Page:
A blood tests is a vital way for veterinarians to determine what’s wrong with a patient. So taking blood samples and having a working knowledge of an animal’s circulatory system is key for a veterinary assistant. After a review of the circulatory system, we’ll look at the most common sites for taking blood—jugular, cephalic, and saphenous veins. Then, we’ll take a look at the equipment you’ll be using (needles, syringes, and blood collection tubes).

Week Three

Lesson 05 – Blood Tests
Wednesday

Now that you have a blood sample, what can you do with it? In this lesson, we’ll focus on the tests you might help to perform and explore how veterinarians diagnose diseases. Though there are thousands of diseases, a few important ones are anemia, diabetes, kidney disease, and liver failure. You’ll quickly learn the difference between white blood cells and chemistries and how to do a PCV and blood smear.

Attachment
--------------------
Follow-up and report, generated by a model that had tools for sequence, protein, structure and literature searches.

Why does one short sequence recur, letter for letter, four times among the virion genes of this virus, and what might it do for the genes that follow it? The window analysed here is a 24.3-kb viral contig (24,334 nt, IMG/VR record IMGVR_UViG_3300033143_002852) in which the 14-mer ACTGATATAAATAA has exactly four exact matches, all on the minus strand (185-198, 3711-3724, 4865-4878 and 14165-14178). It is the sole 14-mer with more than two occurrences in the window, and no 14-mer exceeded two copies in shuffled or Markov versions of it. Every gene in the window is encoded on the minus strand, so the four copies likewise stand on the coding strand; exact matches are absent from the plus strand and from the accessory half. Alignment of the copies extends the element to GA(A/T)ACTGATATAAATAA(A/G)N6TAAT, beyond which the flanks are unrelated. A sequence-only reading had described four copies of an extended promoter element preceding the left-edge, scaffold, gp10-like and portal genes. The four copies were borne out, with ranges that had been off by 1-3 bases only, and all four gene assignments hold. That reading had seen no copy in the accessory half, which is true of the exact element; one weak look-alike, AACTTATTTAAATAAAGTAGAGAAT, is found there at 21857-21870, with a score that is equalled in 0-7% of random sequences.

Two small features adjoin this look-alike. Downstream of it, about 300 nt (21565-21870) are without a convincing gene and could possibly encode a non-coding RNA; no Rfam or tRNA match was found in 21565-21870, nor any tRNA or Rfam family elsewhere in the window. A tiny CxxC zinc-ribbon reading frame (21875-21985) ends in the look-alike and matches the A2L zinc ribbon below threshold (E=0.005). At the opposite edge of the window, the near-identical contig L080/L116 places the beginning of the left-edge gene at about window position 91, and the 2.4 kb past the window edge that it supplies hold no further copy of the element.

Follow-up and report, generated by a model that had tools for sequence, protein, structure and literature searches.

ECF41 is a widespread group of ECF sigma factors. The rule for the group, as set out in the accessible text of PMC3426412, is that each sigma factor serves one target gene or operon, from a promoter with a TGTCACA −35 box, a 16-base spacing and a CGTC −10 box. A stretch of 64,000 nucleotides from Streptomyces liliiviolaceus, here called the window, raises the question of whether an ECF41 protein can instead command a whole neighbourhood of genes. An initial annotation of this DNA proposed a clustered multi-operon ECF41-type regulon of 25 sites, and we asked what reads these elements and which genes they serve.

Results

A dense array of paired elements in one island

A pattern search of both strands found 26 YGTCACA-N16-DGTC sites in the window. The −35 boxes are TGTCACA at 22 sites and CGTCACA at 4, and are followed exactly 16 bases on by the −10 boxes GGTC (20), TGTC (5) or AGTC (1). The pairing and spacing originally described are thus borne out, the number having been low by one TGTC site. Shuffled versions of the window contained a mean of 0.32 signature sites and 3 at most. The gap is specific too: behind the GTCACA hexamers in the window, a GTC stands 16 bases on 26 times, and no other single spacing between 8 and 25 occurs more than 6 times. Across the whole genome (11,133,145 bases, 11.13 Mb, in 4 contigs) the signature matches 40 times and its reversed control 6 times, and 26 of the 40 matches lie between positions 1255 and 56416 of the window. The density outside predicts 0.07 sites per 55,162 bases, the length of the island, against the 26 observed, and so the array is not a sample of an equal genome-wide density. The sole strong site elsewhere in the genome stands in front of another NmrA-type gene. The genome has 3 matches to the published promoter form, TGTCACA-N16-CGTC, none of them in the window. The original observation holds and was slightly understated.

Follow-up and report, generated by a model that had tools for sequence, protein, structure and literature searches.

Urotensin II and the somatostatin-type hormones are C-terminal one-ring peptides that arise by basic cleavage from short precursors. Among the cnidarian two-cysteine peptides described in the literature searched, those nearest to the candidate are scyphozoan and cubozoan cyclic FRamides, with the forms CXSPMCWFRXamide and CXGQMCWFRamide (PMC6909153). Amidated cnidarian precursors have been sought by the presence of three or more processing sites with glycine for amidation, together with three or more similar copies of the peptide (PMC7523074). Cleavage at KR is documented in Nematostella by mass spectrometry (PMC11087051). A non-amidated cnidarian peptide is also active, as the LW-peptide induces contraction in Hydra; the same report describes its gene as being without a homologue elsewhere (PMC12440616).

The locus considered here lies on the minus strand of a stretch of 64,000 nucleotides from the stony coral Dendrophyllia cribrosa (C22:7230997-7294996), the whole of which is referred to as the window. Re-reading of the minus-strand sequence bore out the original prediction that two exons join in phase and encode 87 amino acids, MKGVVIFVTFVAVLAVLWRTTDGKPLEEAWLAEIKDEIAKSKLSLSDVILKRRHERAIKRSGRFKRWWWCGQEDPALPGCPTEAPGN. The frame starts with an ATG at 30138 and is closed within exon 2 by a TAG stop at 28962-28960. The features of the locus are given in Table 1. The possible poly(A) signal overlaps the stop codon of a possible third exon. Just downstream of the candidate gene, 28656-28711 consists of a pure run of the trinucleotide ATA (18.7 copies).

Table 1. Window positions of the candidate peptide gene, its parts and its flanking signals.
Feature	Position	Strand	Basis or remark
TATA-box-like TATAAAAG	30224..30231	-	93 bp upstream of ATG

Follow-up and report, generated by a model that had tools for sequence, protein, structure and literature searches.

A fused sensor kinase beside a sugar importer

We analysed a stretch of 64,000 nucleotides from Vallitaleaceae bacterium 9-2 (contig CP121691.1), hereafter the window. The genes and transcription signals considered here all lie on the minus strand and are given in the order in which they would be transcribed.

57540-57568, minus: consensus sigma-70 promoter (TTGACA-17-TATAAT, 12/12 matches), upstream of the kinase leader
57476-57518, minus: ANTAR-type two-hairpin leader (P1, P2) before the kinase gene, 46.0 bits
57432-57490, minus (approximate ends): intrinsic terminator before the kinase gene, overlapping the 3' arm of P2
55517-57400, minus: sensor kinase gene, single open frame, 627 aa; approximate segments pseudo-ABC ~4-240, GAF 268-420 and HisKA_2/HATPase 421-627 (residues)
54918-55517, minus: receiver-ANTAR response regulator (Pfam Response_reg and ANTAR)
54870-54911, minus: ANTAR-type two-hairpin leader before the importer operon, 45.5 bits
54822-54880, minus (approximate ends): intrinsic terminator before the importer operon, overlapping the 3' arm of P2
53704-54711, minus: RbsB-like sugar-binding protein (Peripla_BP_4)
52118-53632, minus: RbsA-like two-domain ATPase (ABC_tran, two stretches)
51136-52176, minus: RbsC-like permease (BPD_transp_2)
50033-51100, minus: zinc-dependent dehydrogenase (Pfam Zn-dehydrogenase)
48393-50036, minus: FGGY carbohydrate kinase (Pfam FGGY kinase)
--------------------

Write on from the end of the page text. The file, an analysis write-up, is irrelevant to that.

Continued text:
Lesson 06 – Urine Tests
Friday

All fluids tell a story. In this lesson, we’ll look at urine and how to take samples. You could just put a bowl under a dog, of course, but there other methods that will help ensure that the sample remains uncontaminated. And just like when we talked about blood, we’ll also look at the tests that you might help to perform on urine, and go over what duties you’ll be responsible for.

Week Four

Lesson 07 – Surgeries
Wednesday

In this lesson, we’ll move into the surgical suite. Although the veterinarian will do the surgery itself, she won’t be able to do it alone. You may be asked to clip and scrub a patient for surgery. Other responsibilities could include preparing surgical packs, knowing the names of the surgical instruments, and cleaning and sterilizing those instruments properly. You’ll also have a front row seat to a life-saving surgery that I performed on a little dog.

Lesson 08 – Hygiene 101
Friday